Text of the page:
Lives of Lake Erie Ice Fisherman Could be in Danger Due to Commercial Ice Breaking Operation on Monday
The U.S. Coast Guard warns that it is permitting a commercial ice-breaking operation in Western Lake Erie around the Bass Islands on Monday, a move that has many sportsmen and fishing guides up in arms. They say that safety should come before money, and claim that the operation puts the lives of ice fisherman, who already begun flocking to the area to fish, in danger.
The icebreaker will impact some of the most popular mainland ice fishing areas of Lake Erie, which includes Catawba Island and off of Mouse Island at the north end of Catawba Island. The plan reportedly involves breaking ice along the east side of South Bass Island to allow passage to Catawba Island.
Fortunately, the operation is unlikely to impact the 10 to 12-inch thick ice on the west side of South Bass Island where a number of ice fishermen have set up and the Coast Guard will be broadcasting a warning about the ice breaking every three hours on marine radio channel 16. This, however, may not be enough and lives could still be in danger because guides say that few ice fisherman actually carry a marine radio and there are already ice fisherman on quad runners and snowmobiles traveling from the mainland to South Bass Island and people coming from Pelee Island in Canadian waters to Put-in-Bay and the Ohio mainland.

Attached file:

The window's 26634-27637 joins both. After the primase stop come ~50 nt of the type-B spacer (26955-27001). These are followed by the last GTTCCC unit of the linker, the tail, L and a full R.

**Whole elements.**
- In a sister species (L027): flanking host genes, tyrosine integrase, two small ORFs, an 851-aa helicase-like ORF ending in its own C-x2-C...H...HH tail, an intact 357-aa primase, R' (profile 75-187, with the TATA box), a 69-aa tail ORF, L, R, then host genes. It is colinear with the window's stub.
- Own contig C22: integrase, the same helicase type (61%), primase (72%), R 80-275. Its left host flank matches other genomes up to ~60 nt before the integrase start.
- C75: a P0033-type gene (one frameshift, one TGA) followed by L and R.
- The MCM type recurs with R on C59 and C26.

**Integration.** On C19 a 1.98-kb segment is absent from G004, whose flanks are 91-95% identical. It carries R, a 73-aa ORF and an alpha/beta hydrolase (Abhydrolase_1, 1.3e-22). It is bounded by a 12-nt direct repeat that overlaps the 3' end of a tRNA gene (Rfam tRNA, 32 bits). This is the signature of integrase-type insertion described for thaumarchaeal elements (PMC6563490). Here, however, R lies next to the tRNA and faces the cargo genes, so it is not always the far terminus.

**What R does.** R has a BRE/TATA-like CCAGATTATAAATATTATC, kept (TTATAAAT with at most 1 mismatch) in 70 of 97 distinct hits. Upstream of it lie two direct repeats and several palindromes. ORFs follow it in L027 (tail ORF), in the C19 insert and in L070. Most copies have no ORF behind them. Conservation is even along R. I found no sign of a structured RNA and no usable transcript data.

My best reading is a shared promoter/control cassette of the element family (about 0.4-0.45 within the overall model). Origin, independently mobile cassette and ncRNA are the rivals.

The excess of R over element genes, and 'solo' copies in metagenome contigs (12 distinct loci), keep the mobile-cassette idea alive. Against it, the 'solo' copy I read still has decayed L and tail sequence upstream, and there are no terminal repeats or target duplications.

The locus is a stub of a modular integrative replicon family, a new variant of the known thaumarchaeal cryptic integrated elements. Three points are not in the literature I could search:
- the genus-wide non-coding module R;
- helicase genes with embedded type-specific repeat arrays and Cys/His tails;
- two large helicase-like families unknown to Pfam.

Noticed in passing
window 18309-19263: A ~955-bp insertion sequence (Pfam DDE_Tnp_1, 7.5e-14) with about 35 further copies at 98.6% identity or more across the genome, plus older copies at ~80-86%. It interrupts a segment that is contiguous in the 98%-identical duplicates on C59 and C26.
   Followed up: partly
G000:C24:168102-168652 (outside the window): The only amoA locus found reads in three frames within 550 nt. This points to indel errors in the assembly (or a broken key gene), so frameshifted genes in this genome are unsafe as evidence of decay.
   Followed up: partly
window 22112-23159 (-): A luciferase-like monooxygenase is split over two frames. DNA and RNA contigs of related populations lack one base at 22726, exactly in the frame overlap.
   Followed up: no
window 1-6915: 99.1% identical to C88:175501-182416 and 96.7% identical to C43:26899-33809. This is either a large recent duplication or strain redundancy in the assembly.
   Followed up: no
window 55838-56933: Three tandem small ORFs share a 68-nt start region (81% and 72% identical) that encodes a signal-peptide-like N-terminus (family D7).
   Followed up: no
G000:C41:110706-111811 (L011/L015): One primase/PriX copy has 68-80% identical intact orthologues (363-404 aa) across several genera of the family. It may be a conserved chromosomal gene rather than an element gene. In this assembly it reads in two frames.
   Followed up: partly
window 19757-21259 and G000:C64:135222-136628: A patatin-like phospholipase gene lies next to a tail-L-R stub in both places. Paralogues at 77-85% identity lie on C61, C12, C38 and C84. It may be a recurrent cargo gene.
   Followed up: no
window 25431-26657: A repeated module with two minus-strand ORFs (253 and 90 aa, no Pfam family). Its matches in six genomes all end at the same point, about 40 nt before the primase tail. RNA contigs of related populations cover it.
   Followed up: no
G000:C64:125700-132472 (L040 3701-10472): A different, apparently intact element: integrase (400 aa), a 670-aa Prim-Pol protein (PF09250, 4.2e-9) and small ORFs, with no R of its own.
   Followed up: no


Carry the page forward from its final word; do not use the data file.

The U.S. Coast Guard says that the tug Ohio is leaving Cleveland to head to Put-in-Bay on the north side of South Bass Island on a course that will take it between Kelleys Island and Middle Island. The Ohio will head to the Miller Ferry Dock on Catawba Island around 10am on Monday, and will be followed by the tug Bessie J., which will be towing a barge. They will be traveling along the east side of South Bass Island on their way to Catawba's Miller Ferry docks where it will be loaded with steel dock ribs. Around 1pm, the boats will take the same route back to Put-in-Bay, but any delays in loading could push back the return trip until Tuesday.
Critics say that the load should have been shipped in November, when there wasn't any ice to break.